Chinese City Offers $1,500 USD Reward to Citizens who Snitch on Christians to the Government

SHIJIAZHUANG, CHINA – APRIL 09: (CHINA OUT) Chinese Catholic worshipers wait to take communion at the Palm Sunday Mass during the Easter Holy Week at an “underground” or “unofficial” church on April 9, 2017 near Shijiazhuang, Hebei Province, China. China, an officially atheist country, places a number of restrictions on Christians, allowing legal practice of the faith only at state-approved churches. The policy has driven an increasing number of Christians and Christian converts ‘underground’ to secret congregations in private homes and other venues. While the size of the religious community is difficult to measure, studies estimate more than 80 million Christians inside China; some studies support the possibility it could become the most Christian nation in the world in the coming years. Officially, there have been no relations between China and the Vatican since the country’s modern founding in 1949 though in recent years there have been signs of warming relations between Chinese president Xi Jinping and Pope Francis that could possibly allow greater religious freedom in the future. At present, the split means approved Chinese Christians worship within a state-sanctioned Church known as the Patriotic Association which regards the Communist Party as its leader, not the Pope in Rome. (Photo by Kevin Frayer/Getty Images)

The Chinese government is increasing its crackdown on Christians by actually rewarding citizens that report Christians to the government.

Guangzhou has become the first city to offer up to $1,500 USD to any Chinese citizen that reports “illegal religious activities,” like underground churches or Bible studies, which was recently announced by their ethnic and religious affairs department.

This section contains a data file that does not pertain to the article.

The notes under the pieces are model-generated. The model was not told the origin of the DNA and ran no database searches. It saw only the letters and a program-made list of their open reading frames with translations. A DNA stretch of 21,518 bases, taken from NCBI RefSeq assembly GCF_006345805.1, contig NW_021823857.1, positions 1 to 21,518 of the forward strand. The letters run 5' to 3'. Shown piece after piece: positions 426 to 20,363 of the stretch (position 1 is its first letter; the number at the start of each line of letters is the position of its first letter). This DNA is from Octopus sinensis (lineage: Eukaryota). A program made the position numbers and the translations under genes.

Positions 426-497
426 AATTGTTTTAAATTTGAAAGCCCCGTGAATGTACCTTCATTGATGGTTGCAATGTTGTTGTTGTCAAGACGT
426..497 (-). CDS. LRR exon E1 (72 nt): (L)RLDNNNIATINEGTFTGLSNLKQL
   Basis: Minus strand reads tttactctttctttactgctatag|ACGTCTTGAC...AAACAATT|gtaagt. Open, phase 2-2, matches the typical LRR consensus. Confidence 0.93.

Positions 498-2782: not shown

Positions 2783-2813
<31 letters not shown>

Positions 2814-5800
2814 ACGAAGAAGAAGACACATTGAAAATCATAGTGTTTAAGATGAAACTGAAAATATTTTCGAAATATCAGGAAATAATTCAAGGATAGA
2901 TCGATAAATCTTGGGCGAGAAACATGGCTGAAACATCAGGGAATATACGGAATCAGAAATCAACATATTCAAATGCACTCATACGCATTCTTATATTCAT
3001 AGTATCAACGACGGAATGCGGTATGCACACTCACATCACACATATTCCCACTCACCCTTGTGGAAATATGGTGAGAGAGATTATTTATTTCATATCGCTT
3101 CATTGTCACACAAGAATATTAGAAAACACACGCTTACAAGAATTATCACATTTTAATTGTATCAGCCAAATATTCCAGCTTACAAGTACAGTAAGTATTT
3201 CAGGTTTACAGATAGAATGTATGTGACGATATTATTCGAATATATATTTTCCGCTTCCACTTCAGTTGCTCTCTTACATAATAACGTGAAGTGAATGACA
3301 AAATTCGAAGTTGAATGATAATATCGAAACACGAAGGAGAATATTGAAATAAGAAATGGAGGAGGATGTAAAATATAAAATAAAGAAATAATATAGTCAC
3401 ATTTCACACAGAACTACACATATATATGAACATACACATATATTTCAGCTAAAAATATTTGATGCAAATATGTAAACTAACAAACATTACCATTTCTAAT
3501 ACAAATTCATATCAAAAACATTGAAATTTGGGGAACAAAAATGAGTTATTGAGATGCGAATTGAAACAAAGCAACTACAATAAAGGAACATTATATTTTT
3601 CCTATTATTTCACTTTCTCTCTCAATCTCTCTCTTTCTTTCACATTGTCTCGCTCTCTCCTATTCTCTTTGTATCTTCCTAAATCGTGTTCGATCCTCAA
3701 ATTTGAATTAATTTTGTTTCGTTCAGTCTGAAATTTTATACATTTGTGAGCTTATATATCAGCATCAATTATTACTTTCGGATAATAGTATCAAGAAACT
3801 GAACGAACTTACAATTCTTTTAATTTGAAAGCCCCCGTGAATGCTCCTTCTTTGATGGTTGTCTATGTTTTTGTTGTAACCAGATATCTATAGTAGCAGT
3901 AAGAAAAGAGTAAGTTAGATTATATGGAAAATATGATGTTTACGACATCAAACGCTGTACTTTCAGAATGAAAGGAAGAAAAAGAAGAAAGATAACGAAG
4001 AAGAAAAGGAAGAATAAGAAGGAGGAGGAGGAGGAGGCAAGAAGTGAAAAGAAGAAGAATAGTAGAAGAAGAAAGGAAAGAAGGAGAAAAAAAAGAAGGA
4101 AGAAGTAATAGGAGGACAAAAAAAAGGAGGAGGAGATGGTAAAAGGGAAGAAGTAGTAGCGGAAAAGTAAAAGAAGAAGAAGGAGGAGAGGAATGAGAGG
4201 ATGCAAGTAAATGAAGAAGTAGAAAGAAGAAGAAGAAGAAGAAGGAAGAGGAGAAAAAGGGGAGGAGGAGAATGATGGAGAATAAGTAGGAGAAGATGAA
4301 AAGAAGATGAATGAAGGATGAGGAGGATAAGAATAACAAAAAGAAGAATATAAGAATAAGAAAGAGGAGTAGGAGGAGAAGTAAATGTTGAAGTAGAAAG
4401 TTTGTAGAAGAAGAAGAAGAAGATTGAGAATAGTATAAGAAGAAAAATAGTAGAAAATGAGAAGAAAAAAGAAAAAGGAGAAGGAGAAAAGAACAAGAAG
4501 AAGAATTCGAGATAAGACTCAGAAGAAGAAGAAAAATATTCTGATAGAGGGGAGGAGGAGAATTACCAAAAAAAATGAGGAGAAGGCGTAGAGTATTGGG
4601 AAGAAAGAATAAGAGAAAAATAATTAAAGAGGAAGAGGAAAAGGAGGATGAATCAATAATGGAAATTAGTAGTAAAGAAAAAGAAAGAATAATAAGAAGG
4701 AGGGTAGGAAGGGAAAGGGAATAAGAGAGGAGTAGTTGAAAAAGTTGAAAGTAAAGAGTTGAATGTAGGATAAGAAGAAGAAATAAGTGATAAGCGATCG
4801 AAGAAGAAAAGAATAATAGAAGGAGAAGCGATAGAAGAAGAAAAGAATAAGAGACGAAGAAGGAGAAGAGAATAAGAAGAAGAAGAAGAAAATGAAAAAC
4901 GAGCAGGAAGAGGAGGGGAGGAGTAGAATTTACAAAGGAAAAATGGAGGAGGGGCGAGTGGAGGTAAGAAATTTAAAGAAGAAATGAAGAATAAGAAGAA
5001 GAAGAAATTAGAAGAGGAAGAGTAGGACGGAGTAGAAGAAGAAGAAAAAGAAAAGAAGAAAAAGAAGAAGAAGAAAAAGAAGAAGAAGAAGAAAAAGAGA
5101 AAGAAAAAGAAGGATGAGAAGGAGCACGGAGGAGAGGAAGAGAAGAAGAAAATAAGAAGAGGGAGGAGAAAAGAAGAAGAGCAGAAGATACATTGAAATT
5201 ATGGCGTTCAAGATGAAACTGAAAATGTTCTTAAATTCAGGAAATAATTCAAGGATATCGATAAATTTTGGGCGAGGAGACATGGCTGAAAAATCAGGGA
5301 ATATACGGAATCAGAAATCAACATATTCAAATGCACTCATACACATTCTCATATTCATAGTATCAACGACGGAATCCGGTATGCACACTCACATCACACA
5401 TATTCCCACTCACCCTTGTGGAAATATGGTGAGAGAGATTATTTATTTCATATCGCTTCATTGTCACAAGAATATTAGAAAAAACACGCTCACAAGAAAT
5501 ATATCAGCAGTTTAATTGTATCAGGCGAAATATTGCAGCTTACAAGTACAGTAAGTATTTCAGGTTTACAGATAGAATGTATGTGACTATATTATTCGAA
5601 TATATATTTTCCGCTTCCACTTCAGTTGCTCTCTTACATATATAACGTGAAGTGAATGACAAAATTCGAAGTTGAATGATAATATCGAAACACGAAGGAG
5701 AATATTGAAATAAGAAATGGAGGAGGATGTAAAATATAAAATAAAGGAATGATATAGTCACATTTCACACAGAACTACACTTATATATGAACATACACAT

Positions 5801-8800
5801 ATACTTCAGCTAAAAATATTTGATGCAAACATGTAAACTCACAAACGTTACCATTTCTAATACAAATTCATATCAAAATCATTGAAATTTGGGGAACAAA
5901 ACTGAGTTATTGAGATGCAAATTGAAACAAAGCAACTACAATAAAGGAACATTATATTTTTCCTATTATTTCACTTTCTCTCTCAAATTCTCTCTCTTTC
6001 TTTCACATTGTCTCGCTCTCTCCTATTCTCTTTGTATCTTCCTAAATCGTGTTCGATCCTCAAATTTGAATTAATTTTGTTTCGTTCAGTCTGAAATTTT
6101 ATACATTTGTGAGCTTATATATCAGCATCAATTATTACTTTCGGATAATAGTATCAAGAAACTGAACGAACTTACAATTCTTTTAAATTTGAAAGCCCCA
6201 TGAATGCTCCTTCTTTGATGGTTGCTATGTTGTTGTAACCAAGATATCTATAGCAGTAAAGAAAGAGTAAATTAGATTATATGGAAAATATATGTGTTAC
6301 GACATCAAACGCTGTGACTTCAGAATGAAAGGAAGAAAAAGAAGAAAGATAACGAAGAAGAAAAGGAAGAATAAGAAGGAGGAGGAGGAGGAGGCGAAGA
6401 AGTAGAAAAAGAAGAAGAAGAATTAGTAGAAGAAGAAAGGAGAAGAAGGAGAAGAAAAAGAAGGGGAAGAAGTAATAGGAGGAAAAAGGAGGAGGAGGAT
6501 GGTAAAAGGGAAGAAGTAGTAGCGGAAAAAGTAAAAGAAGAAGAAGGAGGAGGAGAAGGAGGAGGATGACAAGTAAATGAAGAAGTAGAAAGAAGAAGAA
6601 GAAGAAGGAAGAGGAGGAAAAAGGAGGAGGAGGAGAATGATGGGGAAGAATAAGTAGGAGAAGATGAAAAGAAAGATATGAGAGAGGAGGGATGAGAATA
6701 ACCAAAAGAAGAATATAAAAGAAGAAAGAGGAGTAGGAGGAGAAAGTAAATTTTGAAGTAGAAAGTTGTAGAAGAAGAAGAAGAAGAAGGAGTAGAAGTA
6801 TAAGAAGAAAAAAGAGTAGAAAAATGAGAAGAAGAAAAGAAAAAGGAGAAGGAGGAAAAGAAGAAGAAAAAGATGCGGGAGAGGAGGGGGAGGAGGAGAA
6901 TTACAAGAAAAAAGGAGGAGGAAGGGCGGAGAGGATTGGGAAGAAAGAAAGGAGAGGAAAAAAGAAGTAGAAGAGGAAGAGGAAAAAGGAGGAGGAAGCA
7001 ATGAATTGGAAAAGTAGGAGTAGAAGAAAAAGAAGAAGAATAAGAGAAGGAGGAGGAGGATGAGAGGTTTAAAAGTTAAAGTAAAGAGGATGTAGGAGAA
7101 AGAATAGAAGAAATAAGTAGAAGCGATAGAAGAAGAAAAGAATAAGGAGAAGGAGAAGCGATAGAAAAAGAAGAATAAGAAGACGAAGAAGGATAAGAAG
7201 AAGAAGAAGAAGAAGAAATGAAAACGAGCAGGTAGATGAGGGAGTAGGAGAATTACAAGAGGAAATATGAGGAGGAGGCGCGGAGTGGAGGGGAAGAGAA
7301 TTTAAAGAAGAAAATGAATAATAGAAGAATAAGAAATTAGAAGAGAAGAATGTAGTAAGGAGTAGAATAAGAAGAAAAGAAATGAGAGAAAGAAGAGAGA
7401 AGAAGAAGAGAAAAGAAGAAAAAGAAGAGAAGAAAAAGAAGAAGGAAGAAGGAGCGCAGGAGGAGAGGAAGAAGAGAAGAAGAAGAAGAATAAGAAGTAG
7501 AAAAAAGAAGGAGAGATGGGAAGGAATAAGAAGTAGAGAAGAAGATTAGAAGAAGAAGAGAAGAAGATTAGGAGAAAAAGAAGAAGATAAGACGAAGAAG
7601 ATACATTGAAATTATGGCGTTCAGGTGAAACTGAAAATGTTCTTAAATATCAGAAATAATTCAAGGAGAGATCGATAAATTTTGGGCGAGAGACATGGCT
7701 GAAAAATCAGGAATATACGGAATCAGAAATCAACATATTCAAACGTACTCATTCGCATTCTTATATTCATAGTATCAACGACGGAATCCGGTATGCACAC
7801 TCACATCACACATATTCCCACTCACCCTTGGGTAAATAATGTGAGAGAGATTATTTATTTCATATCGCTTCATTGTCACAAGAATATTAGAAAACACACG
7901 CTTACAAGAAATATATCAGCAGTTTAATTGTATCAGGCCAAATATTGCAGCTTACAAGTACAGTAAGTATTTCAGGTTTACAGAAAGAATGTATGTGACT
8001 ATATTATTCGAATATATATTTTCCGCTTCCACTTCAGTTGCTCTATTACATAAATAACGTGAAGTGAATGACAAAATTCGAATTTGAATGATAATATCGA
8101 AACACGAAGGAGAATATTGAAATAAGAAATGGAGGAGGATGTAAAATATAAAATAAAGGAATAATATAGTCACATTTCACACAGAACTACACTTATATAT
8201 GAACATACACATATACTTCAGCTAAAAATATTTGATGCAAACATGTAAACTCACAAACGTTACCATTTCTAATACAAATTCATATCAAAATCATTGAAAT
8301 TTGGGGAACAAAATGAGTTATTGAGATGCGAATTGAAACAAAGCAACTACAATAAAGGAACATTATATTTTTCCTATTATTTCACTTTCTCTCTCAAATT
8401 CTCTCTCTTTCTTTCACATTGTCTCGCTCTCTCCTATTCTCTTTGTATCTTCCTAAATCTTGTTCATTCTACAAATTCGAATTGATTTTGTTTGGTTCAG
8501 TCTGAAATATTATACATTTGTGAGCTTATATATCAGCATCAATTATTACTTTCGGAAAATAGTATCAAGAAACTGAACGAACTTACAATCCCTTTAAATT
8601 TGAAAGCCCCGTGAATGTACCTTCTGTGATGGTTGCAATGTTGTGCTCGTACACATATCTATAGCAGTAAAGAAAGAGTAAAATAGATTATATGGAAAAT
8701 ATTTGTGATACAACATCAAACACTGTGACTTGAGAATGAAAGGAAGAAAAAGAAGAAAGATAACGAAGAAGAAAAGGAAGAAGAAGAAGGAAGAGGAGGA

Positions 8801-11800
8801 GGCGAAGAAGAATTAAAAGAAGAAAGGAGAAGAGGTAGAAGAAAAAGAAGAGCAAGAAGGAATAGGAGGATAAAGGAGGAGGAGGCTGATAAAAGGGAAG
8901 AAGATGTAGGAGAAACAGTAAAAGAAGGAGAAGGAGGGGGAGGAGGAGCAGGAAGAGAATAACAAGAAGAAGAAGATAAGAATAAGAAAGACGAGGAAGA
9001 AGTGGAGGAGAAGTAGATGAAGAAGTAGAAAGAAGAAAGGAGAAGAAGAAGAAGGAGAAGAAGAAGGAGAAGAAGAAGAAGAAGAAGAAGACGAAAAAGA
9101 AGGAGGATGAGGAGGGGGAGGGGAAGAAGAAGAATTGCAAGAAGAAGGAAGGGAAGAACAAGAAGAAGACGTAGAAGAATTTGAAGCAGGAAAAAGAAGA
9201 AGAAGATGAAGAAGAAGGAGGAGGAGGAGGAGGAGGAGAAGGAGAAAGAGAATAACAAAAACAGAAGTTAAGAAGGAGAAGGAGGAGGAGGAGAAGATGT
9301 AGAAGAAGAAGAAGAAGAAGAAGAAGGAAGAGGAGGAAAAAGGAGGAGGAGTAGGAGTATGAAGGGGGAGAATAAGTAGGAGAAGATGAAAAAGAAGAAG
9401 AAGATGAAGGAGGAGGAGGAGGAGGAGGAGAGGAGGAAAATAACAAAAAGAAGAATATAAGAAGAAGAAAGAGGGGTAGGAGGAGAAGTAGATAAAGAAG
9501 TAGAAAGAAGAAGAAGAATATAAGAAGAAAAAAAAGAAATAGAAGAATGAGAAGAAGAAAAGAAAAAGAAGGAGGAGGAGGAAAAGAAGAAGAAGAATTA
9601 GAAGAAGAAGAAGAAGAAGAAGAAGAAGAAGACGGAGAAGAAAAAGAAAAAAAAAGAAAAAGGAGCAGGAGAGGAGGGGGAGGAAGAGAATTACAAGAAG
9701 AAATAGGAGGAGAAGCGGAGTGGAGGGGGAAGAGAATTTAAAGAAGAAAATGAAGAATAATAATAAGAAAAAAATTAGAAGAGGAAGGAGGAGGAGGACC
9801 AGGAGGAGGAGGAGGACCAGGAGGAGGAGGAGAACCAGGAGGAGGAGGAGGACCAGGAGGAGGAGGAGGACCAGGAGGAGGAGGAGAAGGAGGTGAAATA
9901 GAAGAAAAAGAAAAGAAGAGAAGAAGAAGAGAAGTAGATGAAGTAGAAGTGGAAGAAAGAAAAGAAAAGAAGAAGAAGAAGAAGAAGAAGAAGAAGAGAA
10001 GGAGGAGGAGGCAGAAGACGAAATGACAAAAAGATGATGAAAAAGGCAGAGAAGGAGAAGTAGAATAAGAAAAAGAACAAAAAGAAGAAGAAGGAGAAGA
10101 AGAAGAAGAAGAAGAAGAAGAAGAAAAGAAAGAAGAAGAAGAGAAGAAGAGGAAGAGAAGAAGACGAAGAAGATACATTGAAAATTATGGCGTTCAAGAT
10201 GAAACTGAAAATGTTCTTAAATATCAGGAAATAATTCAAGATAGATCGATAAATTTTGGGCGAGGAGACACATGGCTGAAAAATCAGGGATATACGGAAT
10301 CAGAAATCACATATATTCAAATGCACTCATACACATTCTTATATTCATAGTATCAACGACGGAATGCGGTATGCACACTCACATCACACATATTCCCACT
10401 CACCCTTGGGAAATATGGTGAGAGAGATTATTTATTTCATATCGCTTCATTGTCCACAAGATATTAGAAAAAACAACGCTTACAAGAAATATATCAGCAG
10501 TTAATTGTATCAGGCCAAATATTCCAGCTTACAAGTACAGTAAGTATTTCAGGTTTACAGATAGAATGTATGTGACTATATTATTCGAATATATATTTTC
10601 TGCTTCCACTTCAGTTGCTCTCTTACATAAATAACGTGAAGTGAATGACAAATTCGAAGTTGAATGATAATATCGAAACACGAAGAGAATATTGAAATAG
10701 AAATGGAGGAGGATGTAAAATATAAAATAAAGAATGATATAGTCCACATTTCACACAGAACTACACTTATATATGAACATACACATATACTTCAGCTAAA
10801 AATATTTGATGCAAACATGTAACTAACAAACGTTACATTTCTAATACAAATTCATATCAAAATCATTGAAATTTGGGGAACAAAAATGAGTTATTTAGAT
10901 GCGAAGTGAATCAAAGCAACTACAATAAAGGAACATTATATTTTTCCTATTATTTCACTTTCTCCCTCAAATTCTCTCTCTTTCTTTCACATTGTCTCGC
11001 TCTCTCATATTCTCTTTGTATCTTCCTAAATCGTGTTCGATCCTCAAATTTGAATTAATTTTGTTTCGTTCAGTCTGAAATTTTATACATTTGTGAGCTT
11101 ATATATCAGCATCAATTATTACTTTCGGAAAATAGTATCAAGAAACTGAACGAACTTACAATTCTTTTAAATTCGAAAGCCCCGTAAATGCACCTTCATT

According to the South China Morning Post, the city’s crackdown has come down hardest on unregistered Protestant churches. The government has also demolished Catholic churches, Buddhist temples and Muslim mosques that were not government-approved.

Not only can informants earn between 5,000 and 10,000 Chinese yuan for reporting a religious leader who is not Chinese, but they can also receive 3,000 to 5,000 yuan for reporting a foreign religious group, and 100 to 3,000 yuan for reporting local religious gatherings.

Ying Fuk-Tsang, who is the director of the Divinity School of Chung Chi College at the Chinese University of Hong Kong, said the crackdown is more common than people think and allows for strict social control.

“This will compress the survival space of house churches,” he told the Morning Post. “Not only will they have to deal with the official crackdown but now also the threat from their neighbors.”

The path to sinicization

Over the past year, the Chinese government has cracked down on Christian practices, while giving more freedom to grassroots officials to implement their own power over religious practitioners, shutting down small religious gatherings and implementing strong penalties against Christians.

As Faithwire previously reported, in January, a document was issued to a city in the Shanxi Province by the Bureau of Ethnic and Religious Affairs that would regulate “church-free zones” near Chinese schools.

The plan, officially known as the “Implementation Plan on the Special Governance of Private Christian Gathering Sites,” not only created mandatory “church-free zones,” but also required churches to give the names of youth members to the local government.

The city in the Shanxi Province was not the only one affected by this ruling, as a similar document was issued to the Henan Province. It reads, in part:

All private Christian gathering sites around universities and colleges, as well as on-campus activity sites, are to be shut down in accordance with the law. Criticism and [re]education of participating teachers and students is to be carried out by the school authorities.

In September, the Chinese State Administration for Religious Affairs (SARA) proposed legislation to further regulate Christian activity on their already regulated internet, Christianity Today reported.

This type of law would prohibit things like online church services, which would be detrimental to Christians in China who already have extremely limited opportunities to hear the Word of God.

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SOURCE: Faithwire –